LEGO Marketing Materials From the 1960s-1980s Encouraged Boys and Girls to Build Together

Much has been made over the years of a 1981 LEGO ad, and others like it, featuring a beaming young red-headed girl holding up her LEGO creation over the caption “What it is is beautiful.”

Much has been made over the years of a 1981 LEGO ad, and others like it, featuring a beaming young red-headed girl holding up her LEGO creation over the caption “What it is is beautiful.” Many people remember the ad campaign as revolutionary for its gender inclusivity, as though LEGO had excluded girls in its previous marketing materials. The gendering of LEGO products happened slowly over time, but the company’s first few decades were totally unlike what we see today. Rather than breaking new ground, the 1981 ads were a restatement of the company’s decades-long universal aims and inclusivity.

As any parent who has visited the bewilderingly-themed, branded, and starkly gendered LEGO toy aisle(s) of late might tell you, the gender politics of LEGO have become pretty regressive since these ads appeared. The ad campaign above represents what for many people was a heyday for the brand, when it had standardized its “people” in the “minifig” design, diversified into more extensive outer space, medieval, and other playsets, but hadn’t yet become so hyperspecialized that it excluded more imaginative free play or divided neatly into separate, color-coded boy and girl aisles.

A few years ago, the woman who starred in that celebrated “beautiful” ad as a child, Rachel Giordano, recently looked back on the period fondly and expressed disappointment in where the toys have gone.

“In 1981,” explains Giordano, “LEGOs were ‘Universal Building Sets’ and that’s exactly what they were…for boys and girls. Toys are supposed to foster creativity. But nowadays, it seems that a lot more toys already have messages built into them before a child even opens the pink or blue package. In 1981, LEGOs were simple and gender-neutral, and the creativity of the child produced the message. In 2014, it’s the reverse: the toy delivers a message to the child, and this message is weirdly about gender.”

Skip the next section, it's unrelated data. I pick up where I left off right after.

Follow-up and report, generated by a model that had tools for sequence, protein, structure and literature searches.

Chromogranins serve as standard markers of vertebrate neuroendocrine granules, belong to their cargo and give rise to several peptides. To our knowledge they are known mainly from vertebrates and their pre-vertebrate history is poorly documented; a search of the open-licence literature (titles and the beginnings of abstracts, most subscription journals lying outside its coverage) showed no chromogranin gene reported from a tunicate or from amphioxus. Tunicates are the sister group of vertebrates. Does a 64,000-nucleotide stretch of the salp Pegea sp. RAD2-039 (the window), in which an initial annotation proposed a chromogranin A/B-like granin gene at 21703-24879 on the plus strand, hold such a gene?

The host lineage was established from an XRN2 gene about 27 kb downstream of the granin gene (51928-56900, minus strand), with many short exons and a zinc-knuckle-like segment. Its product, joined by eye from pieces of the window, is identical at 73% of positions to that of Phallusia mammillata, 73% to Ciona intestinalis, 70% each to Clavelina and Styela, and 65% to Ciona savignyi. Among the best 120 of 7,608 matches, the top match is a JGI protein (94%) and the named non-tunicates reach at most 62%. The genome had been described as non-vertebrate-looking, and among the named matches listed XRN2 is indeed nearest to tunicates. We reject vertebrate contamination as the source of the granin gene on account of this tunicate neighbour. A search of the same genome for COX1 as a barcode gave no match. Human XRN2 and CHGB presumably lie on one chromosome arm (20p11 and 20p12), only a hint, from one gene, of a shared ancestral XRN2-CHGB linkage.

Social media marketer and LEGO animator (and self-described fanatic) David Pickett agrees, and has written an extensive four-part series on the evolution of LEGO from its 1932-1977 “Brick Era” to the “Lean Fighting Machines” and pink and purple Barbie- and Bratz-like sets of the present day. For its first two decades, “the company produced primarily wooden toys” until “the iconic LEGO brick was patented as we know today in 1958.” In the 60s, key parts like wheels, windows, and hinges came into production. The DUPLO preschool range launched in 1969.

“Marketing images from this era,” notes Pickett, “tend to feature boys and girls equally.” Catalogs from the 50s to the 80s show “universal building sets” with simple, cooperative play for boys, girls, and even, in one campaign, a whole, multigenerational family. Specifically gendered products were, it’s true, introduced in the 70s. For example, a “Homemaker” line was clearly marketed to girls. But, Pickett writes, these sets “are not very different from the rest of the products offered at that time” in their color schemes and ability to incorporate their pieces into other brick sets. Marketing for other so-called “Basic Sets” continued to show boys and girls playing together.

The images here come from a huge archive of LEGO catalogs from around the world, from the mid-50s to the 2000s. Flipping through them, we see the development of the brand from simple blocks, to the 1978 introduction of “minifies” and more detailed playsets, to complex, self-contained, cross-branded designs marketed specifically to boys or girls and “delivering a message,” as Giordano puts it, about what those identities mean.